October 29, 2011 at 10:56 am | Report abuse |
  8. Bills Cat

    Hey, guess what. Ain't a damned thing anybody can do about it - nothing, zip, zilch, nada. Talk out your necks, get all intellectual, suggest bombs and condoms, and it's till going to happen. If not by 2050 then eventually anyhow. How ya like them apples?

    October 29, 2011 at 7:24 pm | Report abuse |

    So what do you want us to do? Just 'POOF" and disappear??
    Everyone has a place on this world. Don't try and scare everyone with this article.
    Divine synchronistic order is perfect.

    October 30, 2011 at 6:56 am | Report abuse |
  10. G Michael Leonard

    Wall Street ponders "how do you get 7 billion people?" The answer is simple- "too many people with no hobbies."

    October 30, 2011 at 11:53 pm | Report abuse |
  11. r.bowman

    personally, i think that if we were to eliminate the prisoners that are sitting behind bars for murder or what not, we could solve alot. the population in general would drop, the prisons wouldnt be so over crowded as states like to claim, and all the states would have extra money to use for other things that are needed. i feel that if you are sentenced to die, then you should be taken out back and shot. we shouldnt have to keep them up with the 74 dollar a day price tag on them. if everyone done this, maybe the global economy could improve as well.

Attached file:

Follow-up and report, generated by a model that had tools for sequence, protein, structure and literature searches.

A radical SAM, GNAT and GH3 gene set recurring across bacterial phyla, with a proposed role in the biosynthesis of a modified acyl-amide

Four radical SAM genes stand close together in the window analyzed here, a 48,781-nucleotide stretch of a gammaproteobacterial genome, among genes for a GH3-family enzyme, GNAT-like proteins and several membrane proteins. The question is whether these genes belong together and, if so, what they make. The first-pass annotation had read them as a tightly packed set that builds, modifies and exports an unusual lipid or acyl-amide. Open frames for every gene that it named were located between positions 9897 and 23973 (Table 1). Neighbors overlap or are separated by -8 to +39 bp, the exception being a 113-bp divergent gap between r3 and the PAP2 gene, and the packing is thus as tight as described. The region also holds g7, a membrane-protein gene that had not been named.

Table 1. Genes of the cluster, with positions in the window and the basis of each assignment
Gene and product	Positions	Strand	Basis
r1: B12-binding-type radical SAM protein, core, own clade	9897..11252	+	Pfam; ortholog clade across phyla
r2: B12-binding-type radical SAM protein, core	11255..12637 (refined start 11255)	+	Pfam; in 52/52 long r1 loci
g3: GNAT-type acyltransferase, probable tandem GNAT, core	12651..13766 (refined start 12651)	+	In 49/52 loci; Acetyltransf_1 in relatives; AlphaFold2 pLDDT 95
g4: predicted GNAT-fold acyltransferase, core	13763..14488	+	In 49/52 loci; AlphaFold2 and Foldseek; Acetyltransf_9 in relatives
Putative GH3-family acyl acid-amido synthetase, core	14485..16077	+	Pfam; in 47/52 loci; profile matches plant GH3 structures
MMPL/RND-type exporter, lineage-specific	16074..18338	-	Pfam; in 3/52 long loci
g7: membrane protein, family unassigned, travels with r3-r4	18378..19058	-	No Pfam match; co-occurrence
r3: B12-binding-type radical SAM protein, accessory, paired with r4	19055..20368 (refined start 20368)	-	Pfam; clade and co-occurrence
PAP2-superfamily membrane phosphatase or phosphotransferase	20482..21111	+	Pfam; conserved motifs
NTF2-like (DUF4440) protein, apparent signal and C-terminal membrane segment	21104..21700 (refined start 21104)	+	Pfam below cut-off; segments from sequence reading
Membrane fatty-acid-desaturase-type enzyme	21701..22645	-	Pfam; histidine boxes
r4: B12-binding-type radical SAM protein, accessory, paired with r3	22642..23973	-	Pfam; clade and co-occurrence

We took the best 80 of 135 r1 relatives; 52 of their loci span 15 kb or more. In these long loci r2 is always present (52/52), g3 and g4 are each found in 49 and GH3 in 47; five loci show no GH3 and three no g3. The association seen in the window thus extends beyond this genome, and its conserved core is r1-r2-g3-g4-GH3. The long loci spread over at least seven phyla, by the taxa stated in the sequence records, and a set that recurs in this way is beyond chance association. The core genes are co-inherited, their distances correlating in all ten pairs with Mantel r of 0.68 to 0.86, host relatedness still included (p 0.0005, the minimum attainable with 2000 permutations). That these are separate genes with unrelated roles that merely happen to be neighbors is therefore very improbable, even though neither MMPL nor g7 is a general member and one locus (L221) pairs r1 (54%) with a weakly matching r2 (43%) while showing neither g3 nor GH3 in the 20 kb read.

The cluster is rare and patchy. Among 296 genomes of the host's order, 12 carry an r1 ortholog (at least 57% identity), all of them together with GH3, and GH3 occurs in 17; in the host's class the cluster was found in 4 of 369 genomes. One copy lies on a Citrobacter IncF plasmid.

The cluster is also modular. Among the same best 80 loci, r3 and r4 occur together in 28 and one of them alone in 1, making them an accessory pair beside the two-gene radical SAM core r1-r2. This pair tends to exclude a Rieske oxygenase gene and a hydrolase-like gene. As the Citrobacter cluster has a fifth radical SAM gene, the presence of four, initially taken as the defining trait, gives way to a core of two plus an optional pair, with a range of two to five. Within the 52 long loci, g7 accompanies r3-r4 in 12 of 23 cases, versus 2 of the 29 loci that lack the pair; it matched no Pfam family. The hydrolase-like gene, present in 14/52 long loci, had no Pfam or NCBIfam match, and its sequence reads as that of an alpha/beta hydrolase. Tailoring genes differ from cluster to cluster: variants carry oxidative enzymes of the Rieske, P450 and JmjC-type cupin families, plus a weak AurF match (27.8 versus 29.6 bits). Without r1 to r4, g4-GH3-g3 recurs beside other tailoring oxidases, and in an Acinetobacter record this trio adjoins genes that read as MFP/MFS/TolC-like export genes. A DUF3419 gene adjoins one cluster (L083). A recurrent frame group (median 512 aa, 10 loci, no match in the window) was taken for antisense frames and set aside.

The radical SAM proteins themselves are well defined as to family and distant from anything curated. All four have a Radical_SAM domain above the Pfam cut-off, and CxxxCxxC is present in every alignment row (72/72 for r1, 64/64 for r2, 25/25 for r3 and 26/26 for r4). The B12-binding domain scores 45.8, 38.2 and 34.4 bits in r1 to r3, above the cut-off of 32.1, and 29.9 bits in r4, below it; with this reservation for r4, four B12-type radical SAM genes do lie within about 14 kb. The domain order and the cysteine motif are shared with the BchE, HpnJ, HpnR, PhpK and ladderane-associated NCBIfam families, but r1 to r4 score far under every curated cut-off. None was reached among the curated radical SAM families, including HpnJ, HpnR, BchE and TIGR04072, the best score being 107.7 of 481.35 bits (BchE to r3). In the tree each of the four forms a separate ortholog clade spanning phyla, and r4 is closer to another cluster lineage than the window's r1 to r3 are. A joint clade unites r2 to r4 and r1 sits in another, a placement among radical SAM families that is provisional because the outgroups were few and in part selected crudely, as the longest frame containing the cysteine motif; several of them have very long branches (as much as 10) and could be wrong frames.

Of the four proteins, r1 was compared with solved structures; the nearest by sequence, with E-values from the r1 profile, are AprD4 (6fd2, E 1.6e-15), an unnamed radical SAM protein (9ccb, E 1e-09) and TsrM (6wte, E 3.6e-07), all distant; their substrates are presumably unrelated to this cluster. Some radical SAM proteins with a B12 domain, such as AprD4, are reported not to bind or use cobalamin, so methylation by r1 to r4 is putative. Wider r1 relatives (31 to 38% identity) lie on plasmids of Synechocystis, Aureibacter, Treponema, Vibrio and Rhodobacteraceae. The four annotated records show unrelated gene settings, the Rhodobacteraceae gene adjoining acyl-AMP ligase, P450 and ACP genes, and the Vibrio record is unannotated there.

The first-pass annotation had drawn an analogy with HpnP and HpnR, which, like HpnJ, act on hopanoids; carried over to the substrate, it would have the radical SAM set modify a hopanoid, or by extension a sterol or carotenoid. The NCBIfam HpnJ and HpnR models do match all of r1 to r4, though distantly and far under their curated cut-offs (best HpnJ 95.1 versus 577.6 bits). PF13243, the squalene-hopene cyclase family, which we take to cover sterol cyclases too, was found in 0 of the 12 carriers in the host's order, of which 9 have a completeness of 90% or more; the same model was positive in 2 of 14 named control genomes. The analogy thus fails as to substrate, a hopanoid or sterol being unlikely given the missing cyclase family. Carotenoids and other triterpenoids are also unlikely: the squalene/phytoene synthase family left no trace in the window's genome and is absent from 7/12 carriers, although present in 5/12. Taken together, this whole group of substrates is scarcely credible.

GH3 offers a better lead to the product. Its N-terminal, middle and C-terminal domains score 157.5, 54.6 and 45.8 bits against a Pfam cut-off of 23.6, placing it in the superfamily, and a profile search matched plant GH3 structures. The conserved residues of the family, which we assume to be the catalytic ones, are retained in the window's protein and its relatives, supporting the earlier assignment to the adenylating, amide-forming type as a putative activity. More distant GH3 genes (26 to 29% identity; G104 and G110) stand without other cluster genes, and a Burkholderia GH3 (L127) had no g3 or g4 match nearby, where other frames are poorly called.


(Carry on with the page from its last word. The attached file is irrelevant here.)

October 31, 2011 at 12:27 am | Report abuse |
    • HannahMontana

      That is a good point. I like that idea.

      October 31, 2011 at 11:24 am | Report abuse |
  12. justin

    "but some of you wont survive the changes the earth makes/
    swallowd by tsunamis, hurricanes, and earthquakes/
    and thats just the first stage if you can not reverse ways/
    and realize that we are one regardless of our birthplace/"

    October 31, 2011 at 2:32 am | Report abuse |
  13. Eminem?

    Seriously 7 billion people is not a good thing. Stop celebrating it ya fugging morons.

    November 1, 2011 at 9:55 am | Report abuse |
  14. Jean

    In 1999,when the population hit 6 billion, it made the same headlines and comments that we are seeing now. But does anyone ever do anything about it? In 2025, it likely will be at 8 billion and still nothing different being done. Eventually, it will take some big epidemic or catastrophe to actually make the change for us. Because most people are too stupid and ignorant to make a change.

    November 1, 2011 at 8:59 pm | Report abuse |
    • John Malthus

      Nothing more to be said.

      November 2, 2011 at 12:56 pm | Report abuse |
  15. Jean

    I have an aunt who believes in big families. My dad (her brother) told her that there are too many people and her response was that "they all die". Now how stupid and ignorant is that?

    November 1, 2011 at 9:04 pm | Report abuse |